The Belarusian regime views regional and global security issues as the most promising vector for pressing the West.
Training airborne brigades to cross rivers and move from peacetime to wartime operations causes concerns among external observers about possible Belarusian involvement in the war in Ukraine. Similar events are held periodically and are unremarkable in themselves, but under current circumstances, they must be viewed as a tactic to reduce the pressure of sanctions. Lukashenka, via the UN, is attempting to trade transit of Ukrainian grain through Belarusian territory for access to Baltic ports for Belarusian exporters. Belarusian Foreign Minister Makei reiterated Minsk’s readiness for dialogue with the West.
As expected, the Belarusian regime continues to use regional and global security issues to strengthen its position in possible negotiations with the West. Minsk invariably tries to use a positive role in resolving crises as a trading card, whether by providing a platform for Russian-Ukrainian peace negotiations or assisting the transit of Ukrainian food to world markets. That is the “carrot”, and demonstrations of military capability are the “stick”. Moreover, Lukashenka is obviously confident that Belarusian military capabilities are significant in the regional context.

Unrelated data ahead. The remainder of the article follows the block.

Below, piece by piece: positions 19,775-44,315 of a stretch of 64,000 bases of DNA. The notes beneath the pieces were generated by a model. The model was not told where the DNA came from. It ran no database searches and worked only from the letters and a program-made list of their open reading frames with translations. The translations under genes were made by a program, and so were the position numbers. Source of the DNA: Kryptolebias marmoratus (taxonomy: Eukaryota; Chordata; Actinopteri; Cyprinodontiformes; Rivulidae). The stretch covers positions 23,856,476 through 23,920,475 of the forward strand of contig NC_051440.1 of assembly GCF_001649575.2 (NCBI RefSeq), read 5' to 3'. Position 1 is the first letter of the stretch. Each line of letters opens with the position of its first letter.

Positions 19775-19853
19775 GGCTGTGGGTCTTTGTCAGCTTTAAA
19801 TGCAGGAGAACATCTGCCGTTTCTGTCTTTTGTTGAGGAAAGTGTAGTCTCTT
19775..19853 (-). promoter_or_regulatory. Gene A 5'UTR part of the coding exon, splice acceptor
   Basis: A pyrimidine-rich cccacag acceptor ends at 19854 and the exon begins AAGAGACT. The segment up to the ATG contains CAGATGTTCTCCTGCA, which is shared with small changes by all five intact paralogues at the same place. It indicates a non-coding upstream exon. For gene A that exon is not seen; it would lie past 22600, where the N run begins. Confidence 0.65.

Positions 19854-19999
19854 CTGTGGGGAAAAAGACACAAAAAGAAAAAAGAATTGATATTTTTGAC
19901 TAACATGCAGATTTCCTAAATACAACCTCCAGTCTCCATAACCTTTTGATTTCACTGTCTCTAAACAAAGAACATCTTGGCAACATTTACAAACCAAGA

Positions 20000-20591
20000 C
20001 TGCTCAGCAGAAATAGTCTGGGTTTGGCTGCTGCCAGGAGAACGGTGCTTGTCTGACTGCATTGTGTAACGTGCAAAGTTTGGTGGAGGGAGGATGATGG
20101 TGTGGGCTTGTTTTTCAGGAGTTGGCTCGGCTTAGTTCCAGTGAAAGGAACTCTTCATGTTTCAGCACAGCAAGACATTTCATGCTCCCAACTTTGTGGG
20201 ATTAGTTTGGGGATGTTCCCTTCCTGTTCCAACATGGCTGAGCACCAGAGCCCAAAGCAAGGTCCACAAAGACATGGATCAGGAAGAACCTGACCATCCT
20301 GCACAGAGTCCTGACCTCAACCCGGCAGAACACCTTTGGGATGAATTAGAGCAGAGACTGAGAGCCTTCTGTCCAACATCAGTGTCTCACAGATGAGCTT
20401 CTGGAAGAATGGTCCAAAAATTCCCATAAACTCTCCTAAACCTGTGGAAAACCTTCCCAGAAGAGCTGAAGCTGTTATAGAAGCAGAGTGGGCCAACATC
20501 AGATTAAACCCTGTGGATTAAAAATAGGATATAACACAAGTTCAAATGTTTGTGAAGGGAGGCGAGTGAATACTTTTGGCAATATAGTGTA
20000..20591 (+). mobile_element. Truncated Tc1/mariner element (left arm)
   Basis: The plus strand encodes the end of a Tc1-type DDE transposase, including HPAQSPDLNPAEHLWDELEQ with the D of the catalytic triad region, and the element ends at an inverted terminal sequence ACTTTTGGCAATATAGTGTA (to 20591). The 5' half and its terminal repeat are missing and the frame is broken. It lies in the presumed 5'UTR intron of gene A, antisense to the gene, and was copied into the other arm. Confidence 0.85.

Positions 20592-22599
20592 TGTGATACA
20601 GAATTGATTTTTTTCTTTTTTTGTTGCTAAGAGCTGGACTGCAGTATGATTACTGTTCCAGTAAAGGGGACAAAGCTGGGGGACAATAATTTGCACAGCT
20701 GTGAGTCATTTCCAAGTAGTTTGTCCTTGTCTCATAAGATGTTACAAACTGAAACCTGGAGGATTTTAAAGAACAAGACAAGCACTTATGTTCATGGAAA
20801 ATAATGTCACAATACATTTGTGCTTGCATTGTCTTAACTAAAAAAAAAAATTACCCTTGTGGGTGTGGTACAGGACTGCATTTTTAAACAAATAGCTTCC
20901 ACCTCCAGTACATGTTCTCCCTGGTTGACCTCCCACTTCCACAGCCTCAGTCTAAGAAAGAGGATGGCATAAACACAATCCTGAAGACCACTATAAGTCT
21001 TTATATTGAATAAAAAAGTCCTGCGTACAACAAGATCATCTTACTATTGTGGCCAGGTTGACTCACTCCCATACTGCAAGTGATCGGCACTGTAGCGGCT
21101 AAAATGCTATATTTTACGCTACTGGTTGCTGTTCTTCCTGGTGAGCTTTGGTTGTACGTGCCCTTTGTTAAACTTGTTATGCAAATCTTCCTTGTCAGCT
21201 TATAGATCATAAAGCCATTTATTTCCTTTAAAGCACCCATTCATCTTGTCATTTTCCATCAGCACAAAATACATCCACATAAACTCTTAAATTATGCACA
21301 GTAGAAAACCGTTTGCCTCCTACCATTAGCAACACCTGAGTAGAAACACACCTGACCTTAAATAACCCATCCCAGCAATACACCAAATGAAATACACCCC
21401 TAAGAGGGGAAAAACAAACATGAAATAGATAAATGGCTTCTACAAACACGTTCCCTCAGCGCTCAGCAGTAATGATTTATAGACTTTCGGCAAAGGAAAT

Both tactics are destined to fail, as Lukashenka himself has previously recognised that Ukraine is unwilling to resolve the issue of grain transit in this manner.
It is inevitable that the failure of “carrots” will cause Minsk to actively remind the world of the military “stick” through demonstrative exercises and confrontational statements. So far, there are no signs that the regime is prepared to get involved directly in an armed confrontation with Ukraine and/or the West. However, the Kremlin remains an unpredictable factor. At a certain point, it may judge expedient the expansion of the conflict zone to NATO countries neighbouring Belarus. However, there are no signs of practical preparations for this at present.